The Malta Society of Arts has been undergoing something of a rebirth in recent years. Under the chair of architect and designer Adrian Mamo, the society has been rejuvenated, with a restoration of its premises and a programming revamp, in a process of regeneration initiated by his predecessor, artist and academic Vince Briffa.

Its restored exhibition spaces have hosted many exhibitions over the past year, providing much-needed high-quality space to professional artists, while its concert hall has been used for music events, talks and performances.

Stephen Vella, Decay, chemigramStephen Vella, Decay, chemigram

This latest members’ exhibition is testament to the open and imaginative thinking that has become part of the society’s ethos, ably managed by Joe Scerri.

What was formerly a standard exhibition, made up of disparate and often unrelated works, has been revived with a new curatorial approach, to form something ultimately more in keeping with the society’s current programming style.

In 2018, the Society of Arts took a different approach to its annual members’ show, continuing this ethos in the planning of this year’s exhibition. Instead of an open call to its members, the society worked with its AMuSE project – a Creative Europe project for which the society was awarded funding by the European Commission, along with other European partners.

An hour spent following the exhibition’s narrative in the society’s cool rooms and giving some time to the diverse works would be an hour well spent

Over the previous seven or so months, the society’s members were invited to take part in a series of workshops, with AMuSE artistic director – and the exhibition’s curator – Roderick Camilleri. During this time, partici­pants were invited to tackle their work in a more contemporary manner, while more experienced artists were encouraged to work with students and art enthusiasts using an inclusive, non-hierarchical philosophy.

The society has reaped the rewards of its open approach, with a more balanced and contemporary exhibition, and a strong collection of works. Around 40 or so works – some collaborations between several artists – fill the upper spaces of Palazzo de la Salle.

Katelia Delia, Biased Equilibrium, interactive mosaicKatelia Delia, Biased Equilibrium, interactive mosaic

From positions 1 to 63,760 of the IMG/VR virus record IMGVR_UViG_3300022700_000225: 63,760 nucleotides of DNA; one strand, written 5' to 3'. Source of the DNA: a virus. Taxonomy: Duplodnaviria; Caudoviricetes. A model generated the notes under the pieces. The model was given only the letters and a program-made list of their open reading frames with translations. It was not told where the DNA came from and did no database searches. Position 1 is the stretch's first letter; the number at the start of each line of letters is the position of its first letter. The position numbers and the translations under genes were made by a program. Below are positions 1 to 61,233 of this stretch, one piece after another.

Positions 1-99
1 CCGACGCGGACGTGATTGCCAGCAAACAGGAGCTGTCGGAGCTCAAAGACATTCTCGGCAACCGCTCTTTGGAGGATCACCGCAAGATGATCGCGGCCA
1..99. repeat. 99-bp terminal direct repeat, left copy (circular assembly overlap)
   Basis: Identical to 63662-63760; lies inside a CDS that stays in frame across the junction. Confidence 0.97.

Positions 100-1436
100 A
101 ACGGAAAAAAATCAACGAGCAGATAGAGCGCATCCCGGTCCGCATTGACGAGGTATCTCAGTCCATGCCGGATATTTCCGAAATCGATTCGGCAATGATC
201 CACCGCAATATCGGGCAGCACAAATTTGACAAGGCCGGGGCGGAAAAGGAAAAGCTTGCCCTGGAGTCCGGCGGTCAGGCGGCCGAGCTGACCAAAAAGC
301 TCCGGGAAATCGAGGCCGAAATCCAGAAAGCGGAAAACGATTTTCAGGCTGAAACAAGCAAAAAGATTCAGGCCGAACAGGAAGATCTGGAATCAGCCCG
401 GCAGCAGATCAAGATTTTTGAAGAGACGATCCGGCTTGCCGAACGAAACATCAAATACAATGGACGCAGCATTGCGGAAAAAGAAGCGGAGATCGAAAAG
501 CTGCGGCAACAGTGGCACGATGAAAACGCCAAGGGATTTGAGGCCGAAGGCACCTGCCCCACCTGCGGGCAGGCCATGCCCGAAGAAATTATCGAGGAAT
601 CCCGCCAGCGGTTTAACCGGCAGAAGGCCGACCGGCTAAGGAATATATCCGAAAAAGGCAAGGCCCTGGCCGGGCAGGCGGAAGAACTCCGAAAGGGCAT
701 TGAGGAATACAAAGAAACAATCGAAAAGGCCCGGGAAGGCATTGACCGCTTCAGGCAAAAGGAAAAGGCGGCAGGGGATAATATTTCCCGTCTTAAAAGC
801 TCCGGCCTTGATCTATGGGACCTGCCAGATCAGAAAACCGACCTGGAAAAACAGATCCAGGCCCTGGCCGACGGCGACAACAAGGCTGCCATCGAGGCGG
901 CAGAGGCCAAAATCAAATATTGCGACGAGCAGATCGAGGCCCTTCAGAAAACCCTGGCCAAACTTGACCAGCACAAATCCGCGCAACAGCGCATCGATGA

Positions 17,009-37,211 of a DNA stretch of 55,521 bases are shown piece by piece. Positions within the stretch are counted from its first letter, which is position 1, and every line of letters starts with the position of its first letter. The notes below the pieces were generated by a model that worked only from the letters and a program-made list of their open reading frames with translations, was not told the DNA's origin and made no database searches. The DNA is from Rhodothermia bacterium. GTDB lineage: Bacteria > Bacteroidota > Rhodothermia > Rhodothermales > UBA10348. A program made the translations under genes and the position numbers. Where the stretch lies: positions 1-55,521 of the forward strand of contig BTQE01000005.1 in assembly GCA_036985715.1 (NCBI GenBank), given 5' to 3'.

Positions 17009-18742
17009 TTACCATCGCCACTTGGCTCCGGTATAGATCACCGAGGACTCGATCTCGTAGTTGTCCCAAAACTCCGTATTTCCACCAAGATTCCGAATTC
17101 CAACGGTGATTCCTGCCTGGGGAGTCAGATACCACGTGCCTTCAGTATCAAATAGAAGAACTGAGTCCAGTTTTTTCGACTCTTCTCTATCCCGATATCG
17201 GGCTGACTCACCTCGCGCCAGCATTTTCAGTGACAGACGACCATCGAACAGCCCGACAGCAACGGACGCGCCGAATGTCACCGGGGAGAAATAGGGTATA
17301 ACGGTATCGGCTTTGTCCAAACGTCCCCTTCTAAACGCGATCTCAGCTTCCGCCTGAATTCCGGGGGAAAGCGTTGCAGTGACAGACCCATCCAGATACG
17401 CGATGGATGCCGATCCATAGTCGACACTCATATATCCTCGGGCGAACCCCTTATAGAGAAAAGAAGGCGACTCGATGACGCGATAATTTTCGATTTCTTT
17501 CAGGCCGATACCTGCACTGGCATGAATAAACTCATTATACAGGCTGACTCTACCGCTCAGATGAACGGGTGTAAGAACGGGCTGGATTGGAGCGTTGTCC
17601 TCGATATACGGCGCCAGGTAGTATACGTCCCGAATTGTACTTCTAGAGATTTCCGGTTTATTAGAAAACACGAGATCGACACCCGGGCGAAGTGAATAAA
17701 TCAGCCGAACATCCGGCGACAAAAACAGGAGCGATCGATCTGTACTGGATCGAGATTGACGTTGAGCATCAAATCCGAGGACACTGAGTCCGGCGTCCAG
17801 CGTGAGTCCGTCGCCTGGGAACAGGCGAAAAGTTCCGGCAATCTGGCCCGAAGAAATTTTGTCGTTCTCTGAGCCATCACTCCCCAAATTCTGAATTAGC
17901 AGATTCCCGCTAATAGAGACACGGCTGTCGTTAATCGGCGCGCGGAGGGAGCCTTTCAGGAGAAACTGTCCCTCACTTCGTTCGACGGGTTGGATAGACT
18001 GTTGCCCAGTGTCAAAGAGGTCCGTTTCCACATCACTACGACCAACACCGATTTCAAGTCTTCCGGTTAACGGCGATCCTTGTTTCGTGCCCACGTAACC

Disciplines vary, from conventional painting, to quilling and textile work, sculpture and installation. Approaches vary also; some artists use straightforward metaphor, while others are more subtle in their thinking. The theme of perception runs through the show, from ecological concerns to personal experiences, allowing the viewer to follow a narrative, aesthetic and ideological path from room to room.

Some works deserve a particular mention. Katel Delia’s Biased Equilibrium is an interactive cautionary tale that allows the viewer to literally take as much as they want – but comes with a warning: be careful what you wish for.

Also interactive, but in a completely different way, is the charming Whale of an Island by Manuel Attard – a kinetic sculpture of a whale that opens and closes its mouth with the turning of a crank, to reveal a figure on its tongue.

A mix of nostalgia and modernity is contained in Valerio Schembri’s Ktieb Miftuħ – a eulogy to a different pace of life, with the words ‘Niftakar dak in-nhar kien qam kmieni bħas-soltu u għad-disgħa kien il-Belt’ in large letters on a repurposed solar panel. And small, but beautiful Qtan fis-Sema and Tajr tal-Qoton by Maria Rossella Daimas are two tiny acrylic paintings which contain a beautiful light and softness.

Isaac Warrington, Dei Magna Est Series, photographyIsaac Warrington, Dei Magna Est Series, photography

In simple terms, the society’s annual exhibition provides an opportunity for its members to show their work to the public. However, in reality it does much more than this. It provides a glimpse of the work that the society does throughout the year, with classes, courses and events, support and encouragement to professional and non-professional artists alike and long-term activities like the AMuSE project.

This year it has also offered curatorial support and an opportunity for development to its participants.

That the works in the exhibition vary in quality and style is not the point; the point is the open and inclusive curatorial approach, and the strong support that the society has shown its members since its inception.

In these hot summer days, an hour spent following the exhibition’s narrative in the society’s cool rooms and giving some time to the diverse works in the show would be an hour well spent.

Perception: Postcripts is on show at the Malta Society of Arts, Palazzo de La Salle, 219, Republic  Street, Valletta, until August 31.

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